Eric Schwitzgebel said...

Richard: Cool, thanks for the references! Given the last point you raise, there's a way in which philosophy plays out differently -- as you say. Krugman, for example, advances his academic opinions through Facebook, but I doubt he takes non-experts' input seriously, whereas in philosophy there's less of a clear expert/non-expert divide, except in issues like knowledge of the existing written literature (which can be important, but isn't everything).

chinaphil: Philosophical expertise is a tough issue! I agree that there are areas of expertise (esp. in knowledge of existing written arguments), but the gap is not as sharp and an outside perspective can counterbalance trends and groupthink within academic philosophy. Chomsky and Zizek do quite a bit of public philosophy in my view, so they are nice examples. Peter Singer too. I wanted to stick with canonical non-contentious figures in the piece rather than contemporary figures that people have strong and conflicting opinions about.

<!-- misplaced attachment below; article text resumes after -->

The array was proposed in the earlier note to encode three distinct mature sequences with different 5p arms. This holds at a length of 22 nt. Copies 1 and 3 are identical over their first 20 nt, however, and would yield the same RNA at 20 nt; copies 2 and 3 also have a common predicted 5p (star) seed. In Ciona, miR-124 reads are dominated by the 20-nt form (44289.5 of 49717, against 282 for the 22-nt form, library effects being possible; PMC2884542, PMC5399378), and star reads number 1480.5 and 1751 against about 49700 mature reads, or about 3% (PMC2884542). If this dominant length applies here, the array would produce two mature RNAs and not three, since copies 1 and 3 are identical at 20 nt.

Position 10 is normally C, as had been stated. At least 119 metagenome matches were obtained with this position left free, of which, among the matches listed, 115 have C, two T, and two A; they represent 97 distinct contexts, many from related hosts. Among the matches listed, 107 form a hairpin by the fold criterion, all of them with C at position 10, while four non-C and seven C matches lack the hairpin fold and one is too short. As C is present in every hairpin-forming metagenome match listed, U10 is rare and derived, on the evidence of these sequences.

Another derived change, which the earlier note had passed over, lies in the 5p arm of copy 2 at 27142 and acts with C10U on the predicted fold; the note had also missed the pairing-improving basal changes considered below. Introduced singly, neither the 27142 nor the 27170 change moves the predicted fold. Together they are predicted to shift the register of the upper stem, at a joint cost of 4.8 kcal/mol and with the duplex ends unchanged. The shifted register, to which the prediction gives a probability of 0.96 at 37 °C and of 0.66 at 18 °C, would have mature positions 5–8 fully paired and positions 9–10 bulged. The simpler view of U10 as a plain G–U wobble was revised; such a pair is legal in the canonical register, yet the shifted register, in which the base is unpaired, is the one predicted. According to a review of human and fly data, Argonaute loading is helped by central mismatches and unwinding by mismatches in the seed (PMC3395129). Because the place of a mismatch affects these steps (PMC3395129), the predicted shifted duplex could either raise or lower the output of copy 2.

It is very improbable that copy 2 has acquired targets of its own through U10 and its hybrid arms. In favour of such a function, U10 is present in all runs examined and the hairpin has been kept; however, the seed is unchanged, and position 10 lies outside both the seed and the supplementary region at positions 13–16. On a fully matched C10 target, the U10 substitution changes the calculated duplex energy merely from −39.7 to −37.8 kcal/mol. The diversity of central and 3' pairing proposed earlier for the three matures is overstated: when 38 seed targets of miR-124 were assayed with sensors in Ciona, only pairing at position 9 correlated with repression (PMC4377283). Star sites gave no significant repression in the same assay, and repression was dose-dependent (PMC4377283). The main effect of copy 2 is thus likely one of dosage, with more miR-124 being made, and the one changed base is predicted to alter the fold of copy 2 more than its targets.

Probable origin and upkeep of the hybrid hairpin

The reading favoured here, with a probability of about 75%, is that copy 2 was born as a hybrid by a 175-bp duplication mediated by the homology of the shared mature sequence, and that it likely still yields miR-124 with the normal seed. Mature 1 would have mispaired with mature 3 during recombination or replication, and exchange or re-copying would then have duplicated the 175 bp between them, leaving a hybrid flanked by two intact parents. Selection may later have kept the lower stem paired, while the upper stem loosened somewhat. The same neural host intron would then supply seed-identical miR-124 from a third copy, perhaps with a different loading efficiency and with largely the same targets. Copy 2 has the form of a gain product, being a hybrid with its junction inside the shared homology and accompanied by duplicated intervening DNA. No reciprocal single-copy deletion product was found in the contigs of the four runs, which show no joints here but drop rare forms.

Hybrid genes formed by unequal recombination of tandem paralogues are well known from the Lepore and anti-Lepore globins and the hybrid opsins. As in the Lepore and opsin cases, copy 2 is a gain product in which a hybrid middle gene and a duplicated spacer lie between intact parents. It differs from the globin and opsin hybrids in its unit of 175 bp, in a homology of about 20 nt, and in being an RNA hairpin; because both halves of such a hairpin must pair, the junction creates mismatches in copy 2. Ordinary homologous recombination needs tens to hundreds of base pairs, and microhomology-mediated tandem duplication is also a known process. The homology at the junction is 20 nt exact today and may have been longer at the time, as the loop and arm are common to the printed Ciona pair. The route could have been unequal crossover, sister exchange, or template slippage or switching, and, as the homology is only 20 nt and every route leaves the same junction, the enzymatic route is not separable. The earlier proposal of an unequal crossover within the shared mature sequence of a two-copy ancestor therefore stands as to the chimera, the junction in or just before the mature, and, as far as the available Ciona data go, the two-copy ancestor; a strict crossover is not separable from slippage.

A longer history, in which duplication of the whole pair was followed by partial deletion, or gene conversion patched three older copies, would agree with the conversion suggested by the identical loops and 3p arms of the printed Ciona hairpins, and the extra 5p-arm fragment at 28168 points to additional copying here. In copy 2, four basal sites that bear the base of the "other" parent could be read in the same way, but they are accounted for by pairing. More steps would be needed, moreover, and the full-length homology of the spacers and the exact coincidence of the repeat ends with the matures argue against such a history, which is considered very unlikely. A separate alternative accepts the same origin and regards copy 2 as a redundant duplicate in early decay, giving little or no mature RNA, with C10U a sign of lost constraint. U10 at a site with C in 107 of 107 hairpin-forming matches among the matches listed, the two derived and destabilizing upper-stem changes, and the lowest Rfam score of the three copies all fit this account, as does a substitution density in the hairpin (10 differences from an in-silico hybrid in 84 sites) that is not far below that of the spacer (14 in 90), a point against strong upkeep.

Anon Jul 21: Sorry about the slow approval. Not quite sure of your point. Could you clarify more?

Arnold said...

That even when philosophers enter metaphysics they can turn to Facebook and radio...
..NPR, 13.7 Cosmos and Culture, "Does Mindfulness Mean Anything", blog/comments by Adam Frank)

Some of the postings, express Values in Sincerity for physical exercises from practice...
..providing as you have proposed, a broader range of genres in Western philosophy..